The owners of the New York Mets asked a judge to end a $386 million lawsuit by the Bernard Madoff brokerage trustee without a trial, saying at a hearing yesterday that he hasn’t proved his contention that they ignored the fraud because it benefited their business.
U.S. District Judge Jed Rakoff threw out most of Madoff trustee Irving Picard’s $1 billion lawsuit against the baseball team’s owners last year, saying he could pursue only $386 million at a trial set to start March 19 in Manhattan federal court. To get most of the money, Rakoff said Picard must prove the defendants, including Fred Wilpon and Saul Katz, were willfully blind to Madoff’s crimes, which Picard has said cost investors about $20 billion in principal.
Rakoff banned two witnesses for the trustee from testifying, including Harrison Goldin. The Mets owners lost one of their witnesses. Rakoff said he will rule on the Mets owners’ dismissal request on March 5.
Wilpon and Katz contend they should be allowed to keep the $386 million. Picard isn’t entitled to a trial because he hasn’t proved what Rakoff said he was supposed to, Karen Wagner, a lawyer for the Mets owners said in a court filing this month.
“There is no evidence that any defendant believed Madoff was a fraud and deliberately ignored it” as Picard alleged, Wagner told Rakoff yesterday. Wilpon and Katz were “completely open” about their Madoff investments, showing them to their banks and using them as collateral for loans, she told Rakoff. “They wouldn’t have done that if they’d thought there was anything to hide.”
Saying Picard had failed to show willful blindness as alleged, and as he was legally required to take back most of the money he sought, she cited the case of a woman carrying a bulging suitcase who was held to be willfully blind because she failed to open it to check what was inside. Wilpon and Katz had no such obvious reason to suspect Madoff, she said.
David Sheehan, a lawyer for Picard, said the defendants were sophisticated investors and he believed a jury would see willful blindness.
Sheehan asked Rakoff to let Picard claim $83 million before the trial, leaving a jury to decide the rest of the suit. To get that amount, which the Mets owners received as profit from Madoff’s Ponzi scheme in the two years before his 2008 arrest, Rakoff said Picard need only prove that Wilpon and Katz took the money without giving equal value in return.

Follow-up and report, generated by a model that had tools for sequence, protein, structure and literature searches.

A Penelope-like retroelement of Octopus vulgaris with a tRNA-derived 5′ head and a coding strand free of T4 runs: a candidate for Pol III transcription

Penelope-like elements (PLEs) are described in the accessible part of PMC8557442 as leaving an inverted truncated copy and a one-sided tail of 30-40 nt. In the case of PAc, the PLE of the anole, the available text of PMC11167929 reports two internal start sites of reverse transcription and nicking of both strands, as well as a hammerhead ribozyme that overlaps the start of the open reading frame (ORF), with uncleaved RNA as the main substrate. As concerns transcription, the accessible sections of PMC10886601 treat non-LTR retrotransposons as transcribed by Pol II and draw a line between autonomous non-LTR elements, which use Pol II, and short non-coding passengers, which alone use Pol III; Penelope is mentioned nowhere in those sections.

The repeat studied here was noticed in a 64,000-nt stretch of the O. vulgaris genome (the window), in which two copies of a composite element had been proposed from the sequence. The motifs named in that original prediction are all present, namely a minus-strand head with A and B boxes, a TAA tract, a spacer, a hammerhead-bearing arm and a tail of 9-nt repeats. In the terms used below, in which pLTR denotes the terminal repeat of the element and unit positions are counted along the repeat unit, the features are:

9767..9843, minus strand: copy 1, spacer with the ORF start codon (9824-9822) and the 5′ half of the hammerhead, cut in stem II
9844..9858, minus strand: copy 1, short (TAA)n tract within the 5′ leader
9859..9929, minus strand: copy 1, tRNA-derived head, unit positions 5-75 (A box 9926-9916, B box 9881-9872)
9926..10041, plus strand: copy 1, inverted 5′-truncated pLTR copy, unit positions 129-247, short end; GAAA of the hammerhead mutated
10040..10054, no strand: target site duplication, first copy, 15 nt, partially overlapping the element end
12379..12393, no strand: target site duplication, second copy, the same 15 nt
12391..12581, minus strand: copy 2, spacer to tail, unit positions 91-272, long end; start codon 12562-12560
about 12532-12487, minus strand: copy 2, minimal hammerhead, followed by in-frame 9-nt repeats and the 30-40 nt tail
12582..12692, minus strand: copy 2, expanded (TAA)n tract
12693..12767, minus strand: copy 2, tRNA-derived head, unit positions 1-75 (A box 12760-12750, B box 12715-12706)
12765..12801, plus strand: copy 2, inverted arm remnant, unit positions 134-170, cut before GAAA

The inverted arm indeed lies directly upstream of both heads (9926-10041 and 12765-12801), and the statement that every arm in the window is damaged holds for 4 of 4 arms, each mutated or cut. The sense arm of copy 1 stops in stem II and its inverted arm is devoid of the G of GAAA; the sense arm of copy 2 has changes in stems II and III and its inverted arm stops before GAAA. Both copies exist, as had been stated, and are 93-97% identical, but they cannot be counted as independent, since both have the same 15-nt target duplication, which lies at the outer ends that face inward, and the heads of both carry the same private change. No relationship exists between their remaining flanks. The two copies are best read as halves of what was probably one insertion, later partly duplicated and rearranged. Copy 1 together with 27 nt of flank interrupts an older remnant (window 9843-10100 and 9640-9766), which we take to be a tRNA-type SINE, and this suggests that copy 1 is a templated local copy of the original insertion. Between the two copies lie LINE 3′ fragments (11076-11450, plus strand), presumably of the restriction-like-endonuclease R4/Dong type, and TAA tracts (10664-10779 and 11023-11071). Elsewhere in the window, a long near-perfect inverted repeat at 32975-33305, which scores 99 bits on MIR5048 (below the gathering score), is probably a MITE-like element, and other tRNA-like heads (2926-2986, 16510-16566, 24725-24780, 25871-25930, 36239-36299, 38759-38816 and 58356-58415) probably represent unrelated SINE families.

Madoff, 73, pleaded guilty in 2009 to orchestrating what prosecutors called the biggest Ponzi scheme in history. He is serving a 150-year sentence in a federal prison in North Carolina. Picard and his law firm, Baker & Hostetler LLP (1155L), have charged about $273 million in fees for liquidating the Madoff firm since it collapsed in December 2008.
Picard can’t take back the $83 million in fictitious profits because the money was owed by a registered brokerage to its clients, the Mets owners said in a court filing.
The Mets owners, after losing money in the Ponzi scheme and an income stream from Madoff, have said they are trying to sell stakes in the Major League Baseball team. They have cut the team’s payroll and hired a restructuring firm to advise on their finances, which remain under threat from Picard’s claims.
Picard contends the Mets owners had a financial motive to ignore Madoff’s fraud. Wilpon and Katz were so “hooked” on money from Madoff that they used it in place of disability insurance for the baseball team and to fund players’ deferred- compensation plans, the trustee told Rakoff in a court filing. The Mets’ Madoff accounts also funded working capital, as well as insurance and compensation, he said.
‘Bridge the Gap’
“When faced with cash crunches from week to week, the Mets routinely and confidently relied on future Madoff returns to bridge the gap,” with any excess cash going back into Madoff’s firm, Picard said in a Feb. 9 filing. “The Mets relied on Madoff’s returns as a predictable source of income for a business -- professional baseball -- with an otherwise unpredictable revenue stream.”
Profits from real estate and other businesses went into Madoff accounts, which provided “guaranteed returns” that were used to pay quarterly taxes, living expenses and loan interest, Picard said. The assets of the team owners’ company, Sterling Equities Inc., including their stake in television network SportsNet New York, “are by their very nature illiquid, meaning they could not and cannot provide cash on demand when needed by the many Sterling businesses,” he said.
$1 Billion Demand
Picard originally demanded $300 million in profit and $700 million in principal from Wilpon, Katz and a group of family members and related entities. Rakoff last month refused to allow Picard to appeal the judge’s September decision dismissing all or part of nine of 11 claims against the Mets owners.
The Sterling partners built a successful business before investing in Madoff, they said in a Jan. 26 filing. They have said they were drawn to Madoff because of his prominence in the investment community, and entrusted hundreds of millions of dollars to him before losing $500 million in the fraud.
The case is Picard v. Katz, 11-cv-03605, U.S. District Court, Southern District of New York (Manhattan).
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